Few muscles get as much attention as the gluteus maximus -- the butt! -- but it wouldn’t be everything it is without the gluteus medius and minimus. Not only do these two muscles stabilize the pelvis when the opposite leg is lifted, but they’re also necessary for walking, rotating your hips, climbing stairs, preventing back and knee pain -- as well as keeping that gluteus maximus at its perkiest!

How-to exercises: To activate the gluteus medius and minimus, which are located more on the sides of the hip, try doing squats with a band around your knees, lie on your side as you lift and lower your bent knee, or try lunges or side-plank raises.

 

Throat Muscles

Did you know that your throat muscle is one of the most frequently used muscles in your body? Believe it or not, there are several tiny muscles within the voice box that we use more than any other muscle. These muscles are responsible for preventing aspiration and opening and closing the vocal folds that allow us to breathe and speak. They can also contribute to snoring and swallowing difficulties.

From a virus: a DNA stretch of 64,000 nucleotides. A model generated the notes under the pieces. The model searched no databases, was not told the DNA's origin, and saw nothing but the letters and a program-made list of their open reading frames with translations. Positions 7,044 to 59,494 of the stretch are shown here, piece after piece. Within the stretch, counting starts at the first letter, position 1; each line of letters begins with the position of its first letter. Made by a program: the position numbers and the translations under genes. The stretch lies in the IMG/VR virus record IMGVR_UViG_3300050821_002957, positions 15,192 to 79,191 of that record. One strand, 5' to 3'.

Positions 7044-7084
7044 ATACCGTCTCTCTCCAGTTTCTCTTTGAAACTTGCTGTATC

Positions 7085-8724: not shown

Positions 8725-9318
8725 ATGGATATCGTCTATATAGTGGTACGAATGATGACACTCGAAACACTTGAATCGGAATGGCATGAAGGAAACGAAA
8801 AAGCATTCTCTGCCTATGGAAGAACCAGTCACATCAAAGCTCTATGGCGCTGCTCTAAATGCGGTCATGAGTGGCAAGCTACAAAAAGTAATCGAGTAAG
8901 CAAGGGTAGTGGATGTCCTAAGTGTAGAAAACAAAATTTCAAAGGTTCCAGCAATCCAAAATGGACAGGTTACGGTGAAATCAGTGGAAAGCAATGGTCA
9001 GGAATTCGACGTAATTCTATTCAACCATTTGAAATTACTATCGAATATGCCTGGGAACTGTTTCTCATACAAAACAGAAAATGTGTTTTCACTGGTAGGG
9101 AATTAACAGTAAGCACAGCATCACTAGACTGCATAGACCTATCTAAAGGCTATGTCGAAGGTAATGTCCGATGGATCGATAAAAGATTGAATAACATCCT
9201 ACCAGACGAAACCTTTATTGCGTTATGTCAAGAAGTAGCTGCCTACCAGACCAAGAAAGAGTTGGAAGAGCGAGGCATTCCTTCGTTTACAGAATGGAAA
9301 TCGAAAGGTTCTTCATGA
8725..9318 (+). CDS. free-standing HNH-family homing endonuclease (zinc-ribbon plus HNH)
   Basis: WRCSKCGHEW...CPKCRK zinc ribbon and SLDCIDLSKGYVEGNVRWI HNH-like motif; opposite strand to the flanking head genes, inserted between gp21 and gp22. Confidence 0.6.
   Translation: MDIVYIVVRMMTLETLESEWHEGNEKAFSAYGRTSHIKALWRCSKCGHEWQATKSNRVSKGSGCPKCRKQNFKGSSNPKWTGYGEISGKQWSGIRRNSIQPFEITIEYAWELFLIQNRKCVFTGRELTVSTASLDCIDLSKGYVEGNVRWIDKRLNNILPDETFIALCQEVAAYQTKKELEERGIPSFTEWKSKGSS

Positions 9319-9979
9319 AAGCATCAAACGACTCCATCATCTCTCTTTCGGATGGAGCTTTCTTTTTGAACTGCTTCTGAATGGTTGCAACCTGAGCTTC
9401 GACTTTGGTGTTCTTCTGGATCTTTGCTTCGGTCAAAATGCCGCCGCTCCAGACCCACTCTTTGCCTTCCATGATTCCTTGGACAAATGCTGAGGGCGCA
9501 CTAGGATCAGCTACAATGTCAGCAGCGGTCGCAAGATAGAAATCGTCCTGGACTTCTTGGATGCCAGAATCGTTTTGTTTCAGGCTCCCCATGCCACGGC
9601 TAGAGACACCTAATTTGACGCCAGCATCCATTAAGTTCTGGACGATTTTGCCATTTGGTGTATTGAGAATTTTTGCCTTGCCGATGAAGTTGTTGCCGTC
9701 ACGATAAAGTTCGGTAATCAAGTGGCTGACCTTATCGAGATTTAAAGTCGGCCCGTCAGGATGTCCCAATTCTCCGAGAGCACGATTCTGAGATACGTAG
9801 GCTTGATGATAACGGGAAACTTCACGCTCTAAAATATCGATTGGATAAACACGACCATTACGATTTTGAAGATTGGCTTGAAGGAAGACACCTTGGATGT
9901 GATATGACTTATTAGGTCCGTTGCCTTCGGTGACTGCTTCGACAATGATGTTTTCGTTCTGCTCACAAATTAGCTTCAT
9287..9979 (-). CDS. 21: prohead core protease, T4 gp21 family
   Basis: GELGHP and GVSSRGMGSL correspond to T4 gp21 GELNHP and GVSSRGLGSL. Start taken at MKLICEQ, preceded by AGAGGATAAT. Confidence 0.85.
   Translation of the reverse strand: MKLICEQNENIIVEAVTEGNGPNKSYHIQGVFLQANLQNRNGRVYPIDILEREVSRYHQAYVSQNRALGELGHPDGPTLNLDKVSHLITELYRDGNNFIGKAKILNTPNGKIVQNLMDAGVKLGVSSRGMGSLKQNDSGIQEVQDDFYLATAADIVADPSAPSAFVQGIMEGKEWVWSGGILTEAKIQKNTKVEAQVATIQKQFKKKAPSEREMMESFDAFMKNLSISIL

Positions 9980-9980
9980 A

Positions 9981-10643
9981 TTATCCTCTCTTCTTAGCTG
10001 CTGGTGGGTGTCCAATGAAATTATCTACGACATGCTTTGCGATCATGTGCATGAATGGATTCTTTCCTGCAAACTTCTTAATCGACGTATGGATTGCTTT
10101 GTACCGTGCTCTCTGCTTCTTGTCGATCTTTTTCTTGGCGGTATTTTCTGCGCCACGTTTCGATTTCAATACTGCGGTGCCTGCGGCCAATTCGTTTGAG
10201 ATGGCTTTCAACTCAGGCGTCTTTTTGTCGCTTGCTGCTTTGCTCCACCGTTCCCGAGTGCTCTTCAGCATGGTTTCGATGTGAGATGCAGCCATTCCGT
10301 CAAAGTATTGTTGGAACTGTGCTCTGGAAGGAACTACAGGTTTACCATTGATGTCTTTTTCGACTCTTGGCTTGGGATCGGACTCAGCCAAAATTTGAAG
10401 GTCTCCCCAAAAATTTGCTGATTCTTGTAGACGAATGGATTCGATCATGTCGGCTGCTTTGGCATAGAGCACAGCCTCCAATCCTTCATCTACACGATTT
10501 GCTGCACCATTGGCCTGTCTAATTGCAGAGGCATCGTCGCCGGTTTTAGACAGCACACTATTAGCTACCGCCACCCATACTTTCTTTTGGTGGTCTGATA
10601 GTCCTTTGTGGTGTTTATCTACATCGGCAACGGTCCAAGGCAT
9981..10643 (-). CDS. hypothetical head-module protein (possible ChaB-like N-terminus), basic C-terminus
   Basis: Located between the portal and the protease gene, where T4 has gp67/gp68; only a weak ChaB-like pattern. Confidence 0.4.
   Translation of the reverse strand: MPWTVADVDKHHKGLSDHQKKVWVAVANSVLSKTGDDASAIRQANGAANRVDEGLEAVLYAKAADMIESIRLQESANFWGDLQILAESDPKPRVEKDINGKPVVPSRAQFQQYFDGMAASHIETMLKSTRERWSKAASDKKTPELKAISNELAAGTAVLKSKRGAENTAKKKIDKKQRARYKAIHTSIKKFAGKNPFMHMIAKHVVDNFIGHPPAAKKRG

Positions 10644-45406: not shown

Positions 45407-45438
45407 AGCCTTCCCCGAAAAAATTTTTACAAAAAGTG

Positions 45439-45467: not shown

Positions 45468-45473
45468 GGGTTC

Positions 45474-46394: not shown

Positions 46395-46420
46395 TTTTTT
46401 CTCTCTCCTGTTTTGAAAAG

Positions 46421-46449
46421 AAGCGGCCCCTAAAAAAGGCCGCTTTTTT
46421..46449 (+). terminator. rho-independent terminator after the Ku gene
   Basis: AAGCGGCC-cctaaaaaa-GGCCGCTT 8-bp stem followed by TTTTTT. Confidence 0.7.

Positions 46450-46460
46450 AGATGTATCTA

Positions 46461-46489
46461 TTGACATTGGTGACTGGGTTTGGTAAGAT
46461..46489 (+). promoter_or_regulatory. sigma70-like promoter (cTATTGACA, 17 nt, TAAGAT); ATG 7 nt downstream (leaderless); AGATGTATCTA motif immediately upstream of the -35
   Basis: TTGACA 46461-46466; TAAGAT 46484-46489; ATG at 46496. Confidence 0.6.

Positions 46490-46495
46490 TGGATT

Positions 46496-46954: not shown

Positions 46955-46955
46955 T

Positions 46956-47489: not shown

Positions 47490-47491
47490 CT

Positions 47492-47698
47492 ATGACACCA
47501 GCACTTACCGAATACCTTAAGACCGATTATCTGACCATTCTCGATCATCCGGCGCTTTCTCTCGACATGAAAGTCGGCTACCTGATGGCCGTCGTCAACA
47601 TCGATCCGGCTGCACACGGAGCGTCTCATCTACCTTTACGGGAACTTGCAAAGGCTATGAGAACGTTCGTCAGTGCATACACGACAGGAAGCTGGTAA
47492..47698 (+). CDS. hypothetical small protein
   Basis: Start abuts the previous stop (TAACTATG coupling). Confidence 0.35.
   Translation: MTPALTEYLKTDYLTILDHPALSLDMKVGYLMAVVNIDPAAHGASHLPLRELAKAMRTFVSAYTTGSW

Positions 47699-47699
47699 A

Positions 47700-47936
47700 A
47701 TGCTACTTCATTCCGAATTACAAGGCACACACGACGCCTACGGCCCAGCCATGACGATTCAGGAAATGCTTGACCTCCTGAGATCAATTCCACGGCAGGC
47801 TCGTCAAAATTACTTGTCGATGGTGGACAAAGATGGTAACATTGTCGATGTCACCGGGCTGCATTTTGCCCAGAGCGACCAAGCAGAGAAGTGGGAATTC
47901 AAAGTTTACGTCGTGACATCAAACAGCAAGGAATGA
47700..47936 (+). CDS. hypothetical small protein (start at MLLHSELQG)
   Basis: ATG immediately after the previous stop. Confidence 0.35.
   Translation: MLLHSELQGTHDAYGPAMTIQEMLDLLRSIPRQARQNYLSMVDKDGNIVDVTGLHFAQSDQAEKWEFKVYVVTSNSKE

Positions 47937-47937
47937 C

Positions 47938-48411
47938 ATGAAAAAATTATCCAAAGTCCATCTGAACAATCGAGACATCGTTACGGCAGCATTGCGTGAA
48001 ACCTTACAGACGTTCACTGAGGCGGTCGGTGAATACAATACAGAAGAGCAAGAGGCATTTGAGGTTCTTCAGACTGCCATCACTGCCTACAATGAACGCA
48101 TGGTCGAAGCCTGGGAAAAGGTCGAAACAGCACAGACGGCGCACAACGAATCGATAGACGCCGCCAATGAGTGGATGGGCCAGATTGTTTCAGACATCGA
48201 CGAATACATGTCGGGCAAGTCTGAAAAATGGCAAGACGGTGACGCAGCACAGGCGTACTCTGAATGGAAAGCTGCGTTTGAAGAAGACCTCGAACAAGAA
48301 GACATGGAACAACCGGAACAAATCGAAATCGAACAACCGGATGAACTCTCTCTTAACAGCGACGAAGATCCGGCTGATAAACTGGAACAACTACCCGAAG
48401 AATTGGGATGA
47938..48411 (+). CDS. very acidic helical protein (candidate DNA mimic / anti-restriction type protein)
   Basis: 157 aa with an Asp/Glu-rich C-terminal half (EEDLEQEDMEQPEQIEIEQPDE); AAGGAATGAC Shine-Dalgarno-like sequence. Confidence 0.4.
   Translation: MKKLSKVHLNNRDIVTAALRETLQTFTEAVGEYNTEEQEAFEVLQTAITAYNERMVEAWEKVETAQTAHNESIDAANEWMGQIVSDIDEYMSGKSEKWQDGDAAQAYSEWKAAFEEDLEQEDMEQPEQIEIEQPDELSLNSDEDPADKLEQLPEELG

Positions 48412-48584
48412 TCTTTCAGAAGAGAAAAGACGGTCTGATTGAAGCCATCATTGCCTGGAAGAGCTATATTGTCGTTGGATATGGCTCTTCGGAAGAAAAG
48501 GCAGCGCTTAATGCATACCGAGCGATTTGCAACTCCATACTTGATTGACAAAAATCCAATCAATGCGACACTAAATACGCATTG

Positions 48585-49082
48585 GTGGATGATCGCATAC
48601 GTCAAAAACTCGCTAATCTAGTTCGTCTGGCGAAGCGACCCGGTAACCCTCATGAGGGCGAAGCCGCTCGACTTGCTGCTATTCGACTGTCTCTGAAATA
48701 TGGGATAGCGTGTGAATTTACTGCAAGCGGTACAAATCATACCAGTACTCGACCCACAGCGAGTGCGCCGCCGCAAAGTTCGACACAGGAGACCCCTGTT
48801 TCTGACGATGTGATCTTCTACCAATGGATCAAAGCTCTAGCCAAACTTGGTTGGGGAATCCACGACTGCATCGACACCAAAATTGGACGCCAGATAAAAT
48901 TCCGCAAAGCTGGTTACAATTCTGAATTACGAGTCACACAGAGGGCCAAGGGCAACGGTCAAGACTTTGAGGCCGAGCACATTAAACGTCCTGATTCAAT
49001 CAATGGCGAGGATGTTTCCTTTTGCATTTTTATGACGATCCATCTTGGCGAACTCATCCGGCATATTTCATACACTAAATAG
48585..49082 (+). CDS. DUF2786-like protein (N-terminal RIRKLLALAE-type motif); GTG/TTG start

How-to exercises: To keep your throat muscles in tip-top shape, experts suggest avoiding alcohol abuse and smoking, following a low-acid diet, drinking plenty of water, and opting for noisemakers instead of shrieking at concerts and sporting events. An example exercise is the throat crunch which is done by lowering your chin to try to touch your chest, repeating at least 10 times.

 

Jaw Muscles

Contrary to all the other muscles on this list, the jaw muscles are the only ones typically overworked rather than underworked. Gum chewing, nail-biting, and teeth grinding can all put undue stress on the jaw muscles and, if frequent enough, can cause severe muscle pain, trouble fully opening your jaw, temporomandibular joint dysfunction (TMJ), and headaches.